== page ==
I wonder if these paragraphs from a paper I wrote on the subject of "speaking in tongues" would be relevant here:
Language and the Unconscious
...When on Pentecost the "tongues" of fire appeared over the heads of those gathered in the upper room, the result was that they began to speak in unknown "tongues" "as the Spirit gave them utterance." Here the word "tongue" is used in three ways: (1) as the licking shape of fire; (2) as a member of the body which facilitates speech; and (3) as a synonym for diverse languages. To say they spoke "as the spirit gave them utterance" implies that although the mechanism of speech was theirs, the words were not, at least not in the ordinary sense. Metaphorically understood, the description could be taken to mean that their speech was "inspired" or "anointed." In light of individuation symbolism, a possible interpretation could be that the disciples spoke with the voice of the transcendent Self, or from Aurobindo’s "supramental" level of higher consciousness.
But there is also the physiological aspect of the phenomenon to consider. From personal experience I would characterize the aptitude for speaking in an unknown language as attended by a shift in focus from head to heart, or from the conscious to the unconscious mind. Even more specific, the throat, vocal cords and windpipe, in addition to the tongue, are involved in the physical mechanism of speaking. Additionally, both breath and wind are symbolic of the Spirit.
Another clue comes from the Kundalini Yoga chakra system of the East which places the will center or chakra at the base of the throat. This becomes psychologically pertinent when the throat is considered as where emotion is choked back; where the expression of unwelcome feelings is held in check; where unresolved memories and associations are restrained from coming up and overpowering the conscious intent. Sometimes the breath itself is suppressed in the effort. In all of these ways the throat is the physical gateway to the unconscious--to the great unknown depths of the inner world. It seems reasonable to speculate that the phenomenon of speaking in an unknown language occasions an opening into the collective depths of the psyche where languages have their origin.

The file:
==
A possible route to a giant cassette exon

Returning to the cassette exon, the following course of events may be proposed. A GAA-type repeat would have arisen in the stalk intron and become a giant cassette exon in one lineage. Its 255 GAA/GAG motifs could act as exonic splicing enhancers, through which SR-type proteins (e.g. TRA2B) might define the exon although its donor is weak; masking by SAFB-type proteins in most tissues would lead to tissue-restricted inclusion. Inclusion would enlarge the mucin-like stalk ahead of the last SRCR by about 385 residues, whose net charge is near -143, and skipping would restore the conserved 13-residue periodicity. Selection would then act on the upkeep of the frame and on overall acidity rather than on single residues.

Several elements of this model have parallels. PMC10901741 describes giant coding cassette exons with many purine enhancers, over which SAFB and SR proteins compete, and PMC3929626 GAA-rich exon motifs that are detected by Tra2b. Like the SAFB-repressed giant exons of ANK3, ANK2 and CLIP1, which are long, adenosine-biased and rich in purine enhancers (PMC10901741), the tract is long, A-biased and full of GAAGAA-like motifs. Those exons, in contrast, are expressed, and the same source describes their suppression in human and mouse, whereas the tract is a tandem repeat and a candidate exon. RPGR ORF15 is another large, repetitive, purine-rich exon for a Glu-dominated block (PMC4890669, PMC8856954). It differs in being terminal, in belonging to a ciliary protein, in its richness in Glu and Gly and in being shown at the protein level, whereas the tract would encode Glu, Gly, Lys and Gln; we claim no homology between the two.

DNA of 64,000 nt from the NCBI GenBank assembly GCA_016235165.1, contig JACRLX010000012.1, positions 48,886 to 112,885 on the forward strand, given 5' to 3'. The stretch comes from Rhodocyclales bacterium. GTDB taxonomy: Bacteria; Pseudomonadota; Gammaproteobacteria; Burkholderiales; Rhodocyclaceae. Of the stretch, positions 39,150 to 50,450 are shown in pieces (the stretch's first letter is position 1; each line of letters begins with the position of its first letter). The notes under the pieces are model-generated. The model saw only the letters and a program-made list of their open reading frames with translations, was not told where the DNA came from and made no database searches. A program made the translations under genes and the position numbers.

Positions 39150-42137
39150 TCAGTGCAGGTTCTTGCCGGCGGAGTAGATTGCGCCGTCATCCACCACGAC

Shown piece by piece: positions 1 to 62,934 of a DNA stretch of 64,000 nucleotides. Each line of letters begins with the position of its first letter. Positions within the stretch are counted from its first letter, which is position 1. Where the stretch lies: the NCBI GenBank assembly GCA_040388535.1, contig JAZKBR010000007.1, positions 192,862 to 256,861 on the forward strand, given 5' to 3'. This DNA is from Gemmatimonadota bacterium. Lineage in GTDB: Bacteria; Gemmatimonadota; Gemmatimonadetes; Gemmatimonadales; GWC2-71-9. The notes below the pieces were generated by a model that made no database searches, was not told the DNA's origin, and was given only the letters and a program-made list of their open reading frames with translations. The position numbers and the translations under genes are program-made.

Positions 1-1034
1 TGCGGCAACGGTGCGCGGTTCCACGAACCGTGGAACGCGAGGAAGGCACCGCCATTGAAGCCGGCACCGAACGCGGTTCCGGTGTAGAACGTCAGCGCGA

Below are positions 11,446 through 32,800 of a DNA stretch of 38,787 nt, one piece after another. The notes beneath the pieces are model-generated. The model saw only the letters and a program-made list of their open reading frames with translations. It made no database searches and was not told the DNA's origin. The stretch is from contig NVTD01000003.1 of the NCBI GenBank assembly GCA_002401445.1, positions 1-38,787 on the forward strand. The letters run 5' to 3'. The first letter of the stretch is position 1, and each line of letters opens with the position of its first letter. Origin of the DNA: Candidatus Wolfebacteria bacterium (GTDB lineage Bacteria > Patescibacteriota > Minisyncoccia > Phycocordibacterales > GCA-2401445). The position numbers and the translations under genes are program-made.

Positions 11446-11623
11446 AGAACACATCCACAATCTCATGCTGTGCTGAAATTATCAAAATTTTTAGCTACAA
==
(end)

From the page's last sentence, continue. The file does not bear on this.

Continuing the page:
Paul makes reference to the different ways the "gift" of tongues manifested, both in public worship and private prayer, in first century Christianity. In one place he informs that the Spirit "intercedes for us with sighs too deep for words . . . [and] . . . according to the will of God." In another place he describes his personal prayer life as including both "praying" and "singing" with the spirit and with the mind.
When our fifth child was around three or four, I discovered "singing in the spirit" as a effective way of putting him to sleep at night. One night I became aware that he was singing along with me, and not in his mother tongue either. When I asked him about it he answered that he was singing in his "heavenly language." For some the ability to speak or sing in an unknown language is as simple as allowing sounds--syllables--to move the vocal cords and ride out on the wind of the breath. For others it is more difficult. When my decidedly cerebral husband decided to give it a try he could neither allow or make it happen, until one night I impatiently blurted out "Just do it!" And out came a beautiful language of praise he still is able to access at will.
If this approach appears to demystify what Pentecostals and Charismatics have presented as a purely spiritual experience, it is because in my estimation its psychological value has been largely underestimated. Not only can it be an ecstatic experience, but also one that is cathartic and therefore psychologically releasing, healing, and transforming. It is also a means by which communication with the deeper, transpersonal levels of the psyche can be accessed in an ongoing, at will manner. It as well can be approached as a two-way avenue of communication between ego and Self, between conscious and unconscious levels of awareness, or even human and divine dimensions.